As a person continues to discover tea, sometimes finding one with subtle and yet complex fineness seems a lot more exciting than one with strong impressions. That is how we feel when we got hold of this. The locals aptly name it “Cao-lan” (Cymbidium goeringii), the rare orchid which ancient Chinese literati had revered for millenniums for its understated beauty and fragrance*. The long, sweet yet subtle taste and aftertaste of this tea echos the sentiments for the civilized persistence for humanity virtues of the classic eras. If you enjoy our Eight Immortals, Orchid Literati will take you to another level.
Net weight: 40 g (1.4 oz) in Kraft-alu pack
This 2017 batch excels with its soft floral bouquet that is buttery and sweet. Tones of honey, ripen fruits and fresh leafy veggies in the aroma accented with notes of high altitude moss and the freshness sensation of forest after the rain. Elegantly sweet, smooth and silky full bodied infusion with soft citrus bites. Long, floral, quenching, refreshing, sweet aftertaste and after aroma with tinkles of citrus.
For an elegant and superbly fine tea like this, your personal preference matters as to how you prepare it. On the basis of 90°C, use a slightly higher temperature for more emphasis in the bouquet; a slightly lower temperature for an even smoother infusion. Best expressed in smaller vessels, such as a 180 ml gaiwan, using shorter infusion time and more leaves, or in the gongfu approach.
* The label Cao-lan is also perhaps an effort by the locals to give the tea a more civilised aura to balance off the vulgarity of the original cultivar and tea name, Ya-shi Xiang, known to some as Duck Poo Tea. Genuine quality Ya-shi Xiang has always been a much demanded, rare and high price tea even in the local community. Read more about the name here.
|Dimensions||18 × 9 × 5 cm|
Only logged in customers who have purchased this product may leave a review.
This tea is an enigma. It’s a Pandora’s Box of flavors and sensations that shows a different side of itself every time you brew it up. Like a chameleon, it is very colorful and dynamic, and constantly shifting around as the soup cools, or as the leaves are being warmed back up as more water is poured into the brewing vessel.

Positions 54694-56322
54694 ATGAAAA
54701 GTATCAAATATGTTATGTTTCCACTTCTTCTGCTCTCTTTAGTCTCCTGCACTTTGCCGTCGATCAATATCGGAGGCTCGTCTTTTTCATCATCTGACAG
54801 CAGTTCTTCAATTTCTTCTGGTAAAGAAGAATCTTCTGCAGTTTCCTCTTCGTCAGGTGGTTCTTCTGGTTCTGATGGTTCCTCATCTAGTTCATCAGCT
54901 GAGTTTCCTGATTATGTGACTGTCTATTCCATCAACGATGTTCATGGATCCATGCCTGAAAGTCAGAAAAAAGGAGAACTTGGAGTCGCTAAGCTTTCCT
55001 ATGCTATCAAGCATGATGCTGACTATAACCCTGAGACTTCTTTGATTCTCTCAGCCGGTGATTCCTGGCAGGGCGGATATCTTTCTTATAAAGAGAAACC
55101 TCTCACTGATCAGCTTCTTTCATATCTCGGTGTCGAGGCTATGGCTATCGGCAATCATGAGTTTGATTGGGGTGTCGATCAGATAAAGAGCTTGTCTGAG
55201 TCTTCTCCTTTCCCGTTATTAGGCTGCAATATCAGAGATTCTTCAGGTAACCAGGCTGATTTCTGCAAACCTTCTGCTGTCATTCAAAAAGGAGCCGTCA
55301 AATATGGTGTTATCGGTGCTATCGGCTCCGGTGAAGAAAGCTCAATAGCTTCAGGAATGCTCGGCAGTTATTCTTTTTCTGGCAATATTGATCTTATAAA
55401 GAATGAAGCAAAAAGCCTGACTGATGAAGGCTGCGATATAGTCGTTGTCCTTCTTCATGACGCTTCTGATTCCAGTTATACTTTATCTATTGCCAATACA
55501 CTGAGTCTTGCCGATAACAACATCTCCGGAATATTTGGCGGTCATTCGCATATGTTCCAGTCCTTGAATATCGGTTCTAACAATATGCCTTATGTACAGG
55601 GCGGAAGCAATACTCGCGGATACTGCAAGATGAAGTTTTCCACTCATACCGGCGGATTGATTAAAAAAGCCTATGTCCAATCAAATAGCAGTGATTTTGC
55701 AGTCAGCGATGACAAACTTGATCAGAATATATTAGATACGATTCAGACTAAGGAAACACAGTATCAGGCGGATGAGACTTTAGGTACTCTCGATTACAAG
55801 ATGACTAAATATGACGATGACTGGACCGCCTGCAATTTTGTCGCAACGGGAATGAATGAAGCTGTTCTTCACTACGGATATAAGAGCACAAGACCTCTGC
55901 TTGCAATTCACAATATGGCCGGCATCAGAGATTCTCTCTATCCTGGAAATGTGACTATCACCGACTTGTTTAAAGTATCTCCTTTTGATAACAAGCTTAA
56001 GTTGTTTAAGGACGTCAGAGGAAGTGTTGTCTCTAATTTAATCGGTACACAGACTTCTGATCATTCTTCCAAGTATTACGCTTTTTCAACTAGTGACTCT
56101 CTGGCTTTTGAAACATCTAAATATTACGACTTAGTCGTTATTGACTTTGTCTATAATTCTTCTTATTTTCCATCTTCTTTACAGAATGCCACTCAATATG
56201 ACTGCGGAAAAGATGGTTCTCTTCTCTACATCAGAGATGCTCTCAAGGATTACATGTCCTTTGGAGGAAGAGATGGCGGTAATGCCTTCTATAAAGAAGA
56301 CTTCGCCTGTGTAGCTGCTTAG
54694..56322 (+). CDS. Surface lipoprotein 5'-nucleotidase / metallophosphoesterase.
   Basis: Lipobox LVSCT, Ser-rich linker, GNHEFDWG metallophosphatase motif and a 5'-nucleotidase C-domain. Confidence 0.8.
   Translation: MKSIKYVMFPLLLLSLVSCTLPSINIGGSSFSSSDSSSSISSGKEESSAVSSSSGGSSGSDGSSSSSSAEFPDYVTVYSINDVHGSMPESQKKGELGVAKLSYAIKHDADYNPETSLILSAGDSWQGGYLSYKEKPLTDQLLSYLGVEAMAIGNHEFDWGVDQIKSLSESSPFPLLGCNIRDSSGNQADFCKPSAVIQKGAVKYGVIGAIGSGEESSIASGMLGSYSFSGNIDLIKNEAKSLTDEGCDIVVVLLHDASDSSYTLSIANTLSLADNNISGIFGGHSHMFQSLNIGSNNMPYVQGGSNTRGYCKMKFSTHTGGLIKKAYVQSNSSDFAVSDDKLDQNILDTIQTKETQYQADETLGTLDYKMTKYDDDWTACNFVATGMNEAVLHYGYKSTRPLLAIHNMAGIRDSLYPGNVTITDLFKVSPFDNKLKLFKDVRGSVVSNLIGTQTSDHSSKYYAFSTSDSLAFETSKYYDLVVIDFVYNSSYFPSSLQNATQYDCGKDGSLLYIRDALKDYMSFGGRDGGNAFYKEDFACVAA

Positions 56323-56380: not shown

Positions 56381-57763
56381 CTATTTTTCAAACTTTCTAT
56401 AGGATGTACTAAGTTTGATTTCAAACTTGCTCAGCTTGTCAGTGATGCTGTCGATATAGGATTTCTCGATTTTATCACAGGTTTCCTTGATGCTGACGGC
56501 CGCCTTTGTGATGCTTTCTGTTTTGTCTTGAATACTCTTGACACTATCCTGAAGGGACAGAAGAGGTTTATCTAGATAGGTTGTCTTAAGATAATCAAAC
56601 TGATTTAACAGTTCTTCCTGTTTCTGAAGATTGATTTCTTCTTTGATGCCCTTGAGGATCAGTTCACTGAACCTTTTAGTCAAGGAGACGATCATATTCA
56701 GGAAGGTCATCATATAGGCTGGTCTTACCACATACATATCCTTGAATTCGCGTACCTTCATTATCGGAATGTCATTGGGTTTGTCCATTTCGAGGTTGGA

It’s also a very sophisticated and elegant experience. The complex nature of Ya Shi Xiang as a cultivar is perfectly captured in Tea Hong’s Orchid Literati – it would be difficult to find a deeper, rounder, and more wholesome expression than this, despite Ya Shi being a popular cultivar.
It’s not just the additional layers of flavor that make Orchid Literati stand out as one of the very best Ya Shi you could ever hope to find, it’s the additional dimensions. Much like watching an old movie on a flat-screen, in black-and-white, then watching that same film re-mastered in 3-D with ultra-high definition colors, so too does this Orchid Literati re-master and upgrade my experience with a cultivar that I know and love.
Besides the sheer breadth and depth of the flavor profile, one thing that really stands out to me about Orchid Literati is how clearly the terroir comes across – I can taste the soil and feel the minerals which fed these trees, and that alone is deeply quenching for my dancong-drinking soul.
It’s not difficult to find a “good enough” example of Ya Shi because it’s an easily-approachable cultivar and there are a lot of really good examples out there… but quality of this caliber is exceptionally rare, and for the price point this sits at, it’s a no-brainer to pick up a bag (or two) and experience the magic for yourself.
It’s all about subtlety
All in this marvelous tea is subtle: the clear infusion color, the elusive smell a combination of fine cream and fresh flowers, and the soft tangerine taste that emerges from the infusion when it becomes colder. Warning: there is a serious risk to become “teaholic” at first try.
a good tea
TeaHong describes this tea accurately: sweet, smooth, etc… In order to achieve the tea’s profile, paying attention to the water’s temperature and steeping time is needed.